Of Dreams and Nightmares and Waking Life

It’s supposed to be a pretty day today (59 and partially cloudy beats all the snow and rain and cold any day.)  I have stuff to do today, which includes shelter work and (hopefully) finally taking that injured stray with me that’s been wandering around the apartment complex.

But I have a pretty good headache, which started yesterday around noon and was nicely exacerbated by laying practically upside down, mouth open for an hour, having a cavity filled.  When the Novocaine wore off, I was in less than optimal shape.  I went to bed at 8 last night, hoping to ward off the impending migraine.

But then I had nightmares most of the night.   Dreams fraught with tension, but some sort of epic adventure… * Dreams of wanting but never quite being able to reach…  Dreams of confused desire… Dreams of frustration, where my every attempt to affect some sort of change is thwarted or ignored.

Dreams of needing to be onstage but forgetting my lines.  David Lynch-esque dreams where the events and the characters change but are the same.

And dreams of yearning sadness.  I had a dream last night about a friend of mine who OD’d a few months ago. He was alive and I kept trying to tell him I loved him and he could smoke all the weed he wanted, but for God’s sake, stay away from the heroin!  When I awoke and remembered he was already gone, I was struck by the usual feeling of quiet despair at not being able to change things.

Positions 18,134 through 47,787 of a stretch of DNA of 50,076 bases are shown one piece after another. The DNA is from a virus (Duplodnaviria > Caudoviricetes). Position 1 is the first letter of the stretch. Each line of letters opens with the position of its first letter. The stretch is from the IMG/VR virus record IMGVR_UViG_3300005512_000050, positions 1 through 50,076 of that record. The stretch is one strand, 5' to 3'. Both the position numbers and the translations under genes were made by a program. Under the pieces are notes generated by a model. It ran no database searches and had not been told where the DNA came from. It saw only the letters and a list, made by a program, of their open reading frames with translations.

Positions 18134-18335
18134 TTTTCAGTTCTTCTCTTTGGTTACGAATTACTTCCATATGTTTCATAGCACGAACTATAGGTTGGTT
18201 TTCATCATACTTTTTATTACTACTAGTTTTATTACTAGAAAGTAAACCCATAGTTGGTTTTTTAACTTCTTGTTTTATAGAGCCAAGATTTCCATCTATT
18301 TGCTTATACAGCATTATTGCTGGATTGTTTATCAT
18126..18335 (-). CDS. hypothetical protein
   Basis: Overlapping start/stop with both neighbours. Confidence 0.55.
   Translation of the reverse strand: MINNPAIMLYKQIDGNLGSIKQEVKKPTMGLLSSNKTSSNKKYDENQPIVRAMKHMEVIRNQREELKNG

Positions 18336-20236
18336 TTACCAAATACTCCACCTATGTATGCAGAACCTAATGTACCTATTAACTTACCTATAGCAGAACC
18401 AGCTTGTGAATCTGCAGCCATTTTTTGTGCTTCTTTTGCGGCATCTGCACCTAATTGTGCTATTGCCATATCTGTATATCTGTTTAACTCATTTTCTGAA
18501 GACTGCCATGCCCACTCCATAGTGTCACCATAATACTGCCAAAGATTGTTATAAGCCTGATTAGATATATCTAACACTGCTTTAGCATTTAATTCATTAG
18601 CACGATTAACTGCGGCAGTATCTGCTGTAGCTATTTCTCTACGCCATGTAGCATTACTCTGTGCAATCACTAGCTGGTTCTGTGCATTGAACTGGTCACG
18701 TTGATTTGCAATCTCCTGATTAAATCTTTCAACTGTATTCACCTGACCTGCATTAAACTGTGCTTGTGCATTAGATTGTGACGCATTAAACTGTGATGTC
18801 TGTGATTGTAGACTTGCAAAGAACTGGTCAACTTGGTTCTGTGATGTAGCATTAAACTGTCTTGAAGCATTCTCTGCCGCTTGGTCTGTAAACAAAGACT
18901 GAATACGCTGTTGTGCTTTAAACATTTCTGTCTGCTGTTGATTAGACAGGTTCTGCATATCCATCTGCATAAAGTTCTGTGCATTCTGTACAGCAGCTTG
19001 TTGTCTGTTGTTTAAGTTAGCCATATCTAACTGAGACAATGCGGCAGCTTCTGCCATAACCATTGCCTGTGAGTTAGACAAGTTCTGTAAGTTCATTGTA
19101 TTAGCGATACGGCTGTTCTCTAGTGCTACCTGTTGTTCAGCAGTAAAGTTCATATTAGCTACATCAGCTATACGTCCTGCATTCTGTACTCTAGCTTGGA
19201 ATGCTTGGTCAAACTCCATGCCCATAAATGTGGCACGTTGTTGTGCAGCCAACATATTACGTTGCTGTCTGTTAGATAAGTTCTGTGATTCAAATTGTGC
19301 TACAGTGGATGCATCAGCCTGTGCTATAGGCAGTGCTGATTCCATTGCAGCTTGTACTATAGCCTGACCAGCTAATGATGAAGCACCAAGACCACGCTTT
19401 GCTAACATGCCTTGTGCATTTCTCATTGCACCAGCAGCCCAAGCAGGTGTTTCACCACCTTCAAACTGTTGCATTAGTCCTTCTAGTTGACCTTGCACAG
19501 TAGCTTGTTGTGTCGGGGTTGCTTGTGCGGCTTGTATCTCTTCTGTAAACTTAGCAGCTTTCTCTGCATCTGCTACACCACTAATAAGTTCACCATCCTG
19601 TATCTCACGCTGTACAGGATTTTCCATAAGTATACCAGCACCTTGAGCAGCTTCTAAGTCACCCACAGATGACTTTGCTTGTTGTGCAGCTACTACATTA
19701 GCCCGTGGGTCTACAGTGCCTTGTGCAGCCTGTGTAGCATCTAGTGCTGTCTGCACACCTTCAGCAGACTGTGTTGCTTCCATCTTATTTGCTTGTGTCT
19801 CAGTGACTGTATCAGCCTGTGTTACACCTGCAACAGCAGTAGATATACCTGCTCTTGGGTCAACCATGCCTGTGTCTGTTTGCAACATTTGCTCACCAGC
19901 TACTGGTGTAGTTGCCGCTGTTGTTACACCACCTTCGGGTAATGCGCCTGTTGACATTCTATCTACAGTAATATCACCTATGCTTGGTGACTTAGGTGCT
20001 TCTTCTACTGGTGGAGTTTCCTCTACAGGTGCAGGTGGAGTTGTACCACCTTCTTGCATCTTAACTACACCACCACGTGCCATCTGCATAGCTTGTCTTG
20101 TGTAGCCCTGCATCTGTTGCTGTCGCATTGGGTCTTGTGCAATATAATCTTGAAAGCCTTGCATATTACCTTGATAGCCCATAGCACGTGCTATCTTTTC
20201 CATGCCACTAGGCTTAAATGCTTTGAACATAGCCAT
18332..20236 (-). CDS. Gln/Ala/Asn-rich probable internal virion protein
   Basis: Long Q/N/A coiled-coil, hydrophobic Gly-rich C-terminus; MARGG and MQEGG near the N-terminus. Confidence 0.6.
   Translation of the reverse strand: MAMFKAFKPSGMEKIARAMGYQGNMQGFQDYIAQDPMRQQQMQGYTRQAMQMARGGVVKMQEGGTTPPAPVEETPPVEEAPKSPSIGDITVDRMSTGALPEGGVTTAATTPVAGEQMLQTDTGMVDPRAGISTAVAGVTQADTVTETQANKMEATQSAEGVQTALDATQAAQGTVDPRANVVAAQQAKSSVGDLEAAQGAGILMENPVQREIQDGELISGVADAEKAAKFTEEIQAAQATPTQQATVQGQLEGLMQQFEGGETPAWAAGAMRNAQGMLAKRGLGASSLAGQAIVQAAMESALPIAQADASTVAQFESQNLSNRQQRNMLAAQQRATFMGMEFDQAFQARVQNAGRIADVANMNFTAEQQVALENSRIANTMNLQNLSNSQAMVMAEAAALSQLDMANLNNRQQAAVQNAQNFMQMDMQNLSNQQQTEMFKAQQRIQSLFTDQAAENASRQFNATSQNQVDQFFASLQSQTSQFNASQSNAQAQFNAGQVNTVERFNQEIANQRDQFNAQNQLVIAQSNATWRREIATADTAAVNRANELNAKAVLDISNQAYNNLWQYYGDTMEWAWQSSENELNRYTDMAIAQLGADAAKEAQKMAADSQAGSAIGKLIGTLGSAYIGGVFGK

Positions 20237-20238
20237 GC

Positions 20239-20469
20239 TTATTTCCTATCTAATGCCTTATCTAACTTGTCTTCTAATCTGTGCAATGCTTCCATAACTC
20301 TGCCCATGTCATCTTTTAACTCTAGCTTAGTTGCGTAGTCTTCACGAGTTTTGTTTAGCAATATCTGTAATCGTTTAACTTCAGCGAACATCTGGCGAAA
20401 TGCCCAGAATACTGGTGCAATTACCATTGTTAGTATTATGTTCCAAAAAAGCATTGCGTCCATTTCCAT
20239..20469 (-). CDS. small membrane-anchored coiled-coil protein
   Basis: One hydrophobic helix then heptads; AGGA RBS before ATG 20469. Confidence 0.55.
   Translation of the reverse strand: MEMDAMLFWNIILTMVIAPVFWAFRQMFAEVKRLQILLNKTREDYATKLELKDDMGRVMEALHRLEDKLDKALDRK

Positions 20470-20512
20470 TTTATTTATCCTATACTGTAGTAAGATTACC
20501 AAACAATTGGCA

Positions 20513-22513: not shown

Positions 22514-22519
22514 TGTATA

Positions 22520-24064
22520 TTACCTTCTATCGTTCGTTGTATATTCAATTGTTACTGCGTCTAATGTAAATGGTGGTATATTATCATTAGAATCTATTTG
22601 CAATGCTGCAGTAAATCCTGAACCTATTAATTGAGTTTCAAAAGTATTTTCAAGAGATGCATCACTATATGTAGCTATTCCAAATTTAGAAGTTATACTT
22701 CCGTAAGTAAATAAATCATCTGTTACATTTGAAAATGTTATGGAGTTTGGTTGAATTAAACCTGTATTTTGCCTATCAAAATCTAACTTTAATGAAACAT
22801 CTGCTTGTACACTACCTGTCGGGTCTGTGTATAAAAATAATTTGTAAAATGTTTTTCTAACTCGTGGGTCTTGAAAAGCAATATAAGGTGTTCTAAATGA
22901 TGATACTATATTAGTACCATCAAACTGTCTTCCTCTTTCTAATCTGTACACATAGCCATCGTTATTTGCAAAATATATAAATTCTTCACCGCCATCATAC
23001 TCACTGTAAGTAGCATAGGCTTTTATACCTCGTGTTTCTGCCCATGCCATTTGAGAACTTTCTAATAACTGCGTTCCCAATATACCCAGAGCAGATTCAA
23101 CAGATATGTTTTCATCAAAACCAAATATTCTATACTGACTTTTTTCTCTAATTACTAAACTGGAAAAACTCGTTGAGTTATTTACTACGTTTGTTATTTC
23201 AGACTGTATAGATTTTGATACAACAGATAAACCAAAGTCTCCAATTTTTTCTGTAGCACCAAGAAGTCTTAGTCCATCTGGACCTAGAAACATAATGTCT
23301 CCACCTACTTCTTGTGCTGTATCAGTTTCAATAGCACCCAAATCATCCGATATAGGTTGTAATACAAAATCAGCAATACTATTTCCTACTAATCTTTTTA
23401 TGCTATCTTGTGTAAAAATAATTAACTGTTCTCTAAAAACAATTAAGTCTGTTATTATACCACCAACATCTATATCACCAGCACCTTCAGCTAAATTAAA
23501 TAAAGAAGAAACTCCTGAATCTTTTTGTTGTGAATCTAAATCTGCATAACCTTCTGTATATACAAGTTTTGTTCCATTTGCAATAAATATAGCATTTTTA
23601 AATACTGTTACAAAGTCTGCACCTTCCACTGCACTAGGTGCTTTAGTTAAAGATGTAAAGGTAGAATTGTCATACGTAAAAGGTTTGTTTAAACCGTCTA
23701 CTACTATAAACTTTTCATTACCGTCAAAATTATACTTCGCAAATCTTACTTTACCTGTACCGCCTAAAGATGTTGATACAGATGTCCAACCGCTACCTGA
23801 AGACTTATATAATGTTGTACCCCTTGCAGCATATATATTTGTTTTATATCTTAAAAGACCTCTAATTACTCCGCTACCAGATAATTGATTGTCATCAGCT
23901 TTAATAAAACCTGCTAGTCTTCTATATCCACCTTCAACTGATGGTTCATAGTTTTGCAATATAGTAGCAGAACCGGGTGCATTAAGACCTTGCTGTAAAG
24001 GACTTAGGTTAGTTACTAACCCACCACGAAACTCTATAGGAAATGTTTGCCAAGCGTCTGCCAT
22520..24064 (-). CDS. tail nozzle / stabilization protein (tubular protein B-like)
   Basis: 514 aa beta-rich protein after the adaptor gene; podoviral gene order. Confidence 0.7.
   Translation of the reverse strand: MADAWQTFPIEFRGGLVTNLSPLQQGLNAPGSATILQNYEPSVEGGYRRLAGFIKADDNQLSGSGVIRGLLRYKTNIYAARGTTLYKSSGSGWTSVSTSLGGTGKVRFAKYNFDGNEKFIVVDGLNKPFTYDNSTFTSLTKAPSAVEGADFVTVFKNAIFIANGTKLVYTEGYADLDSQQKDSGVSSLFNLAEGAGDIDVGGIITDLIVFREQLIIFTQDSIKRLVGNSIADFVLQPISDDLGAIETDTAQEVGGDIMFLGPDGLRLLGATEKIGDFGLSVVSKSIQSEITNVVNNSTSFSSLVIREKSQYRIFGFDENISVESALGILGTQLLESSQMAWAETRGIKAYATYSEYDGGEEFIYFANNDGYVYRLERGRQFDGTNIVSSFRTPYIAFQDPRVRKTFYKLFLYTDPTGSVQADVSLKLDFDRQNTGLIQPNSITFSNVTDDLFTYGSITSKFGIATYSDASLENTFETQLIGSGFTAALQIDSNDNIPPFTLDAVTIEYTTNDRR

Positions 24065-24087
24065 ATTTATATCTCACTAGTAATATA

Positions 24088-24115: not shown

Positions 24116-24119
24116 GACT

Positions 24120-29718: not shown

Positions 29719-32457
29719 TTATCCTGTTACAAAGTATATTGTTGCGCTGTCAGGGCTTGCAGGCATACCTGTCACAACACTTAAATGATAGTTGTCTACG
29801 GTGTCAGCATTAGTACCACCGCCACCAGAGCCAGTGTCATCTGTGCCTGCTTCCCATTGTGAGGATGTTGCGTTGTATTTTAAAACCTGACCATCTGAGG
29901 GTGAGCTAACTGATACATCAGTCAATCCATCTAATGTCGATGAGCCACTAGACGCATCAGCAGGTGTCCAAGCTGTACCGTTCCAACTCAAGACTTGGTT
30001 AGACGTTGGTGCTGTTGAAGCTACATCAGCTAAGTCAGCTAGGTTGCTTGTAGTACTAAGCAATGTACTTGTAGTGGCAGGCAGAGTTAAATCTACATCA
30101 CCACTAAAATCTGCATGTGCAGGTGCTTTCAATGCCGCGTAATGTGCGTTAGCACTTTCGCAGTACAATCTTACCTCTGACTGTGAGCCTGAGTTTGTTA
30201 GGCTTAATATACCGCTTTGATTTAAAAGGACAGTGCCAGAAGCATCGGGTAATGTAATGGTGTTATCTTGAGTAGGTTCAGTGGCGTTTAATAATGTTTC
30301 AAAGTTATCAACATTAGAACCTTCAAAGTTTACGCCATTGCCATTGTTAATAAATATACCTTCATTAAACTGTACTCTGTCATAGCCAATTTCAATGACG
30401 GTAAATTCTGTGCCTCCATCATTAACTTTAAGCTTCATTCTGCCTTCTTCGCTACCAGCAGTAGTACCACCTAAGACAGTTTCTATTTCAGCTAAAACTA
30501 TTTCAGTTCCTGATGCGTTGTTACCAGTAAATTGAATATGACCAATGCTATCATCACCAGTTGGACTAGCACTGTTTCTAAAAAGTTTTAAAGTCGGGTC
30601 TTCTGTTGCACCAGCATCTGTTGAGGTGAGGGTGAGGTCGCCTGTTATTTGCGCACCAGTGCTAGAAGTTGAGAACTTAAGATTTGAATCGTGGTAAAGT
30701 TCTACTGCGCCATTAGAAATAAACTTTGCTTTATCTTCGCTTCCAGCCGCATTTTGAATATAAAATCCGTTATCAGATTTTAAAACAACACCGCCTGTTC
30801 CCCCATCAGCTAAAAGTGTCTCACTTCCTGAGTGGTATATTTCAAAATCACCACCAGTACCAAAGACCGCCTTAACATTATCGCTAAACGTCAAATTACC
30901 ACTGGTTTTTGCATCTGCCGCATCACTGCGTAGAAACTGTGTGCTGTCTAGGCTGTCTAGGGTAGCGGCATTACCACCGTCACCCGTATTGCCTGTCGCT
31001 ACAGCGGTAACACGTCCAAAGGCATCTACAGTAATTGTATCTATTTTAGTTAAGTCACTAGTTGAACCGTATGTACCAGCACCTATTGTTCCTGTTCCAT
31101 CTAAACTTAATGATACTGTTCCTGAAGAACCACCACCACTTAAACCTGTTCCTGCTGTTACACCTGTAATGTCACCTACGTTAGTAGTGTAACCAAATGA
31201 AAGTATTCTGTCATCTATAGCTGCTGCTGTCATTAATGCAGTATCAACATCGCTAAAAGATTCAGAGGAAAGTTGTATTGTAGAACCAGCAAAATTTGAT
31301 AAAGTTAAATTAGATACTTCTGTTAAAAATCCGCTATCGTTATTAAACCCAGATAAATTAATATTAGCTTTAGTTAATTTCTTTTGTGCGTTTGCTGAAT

Once, I woke up screaming.  I woke my kid too.  My husband slept on peacefully, so I guess it’s a good thing it was a nightmare and not a masked murderer in my bedroom.  I know myself enough by now to know that when I awaken screaming from nightmares, it’s often because I am so stressed out in my waking life that it spills over into my sleep.  Once, when I was still with a particularly troublesome ex, I awoke screaming every night for about a week.  I still lived with my parents at the time, and by the third night or so, my mom and stopped coming in to check on me when it happened. (Ironically, for the short but extremely stressful four months my husband and I had to live with my mother and step-father while I was pregnant, it was my husband who had the night terrors almost every night, often kicking out– and kicking me– in the middle of the night.)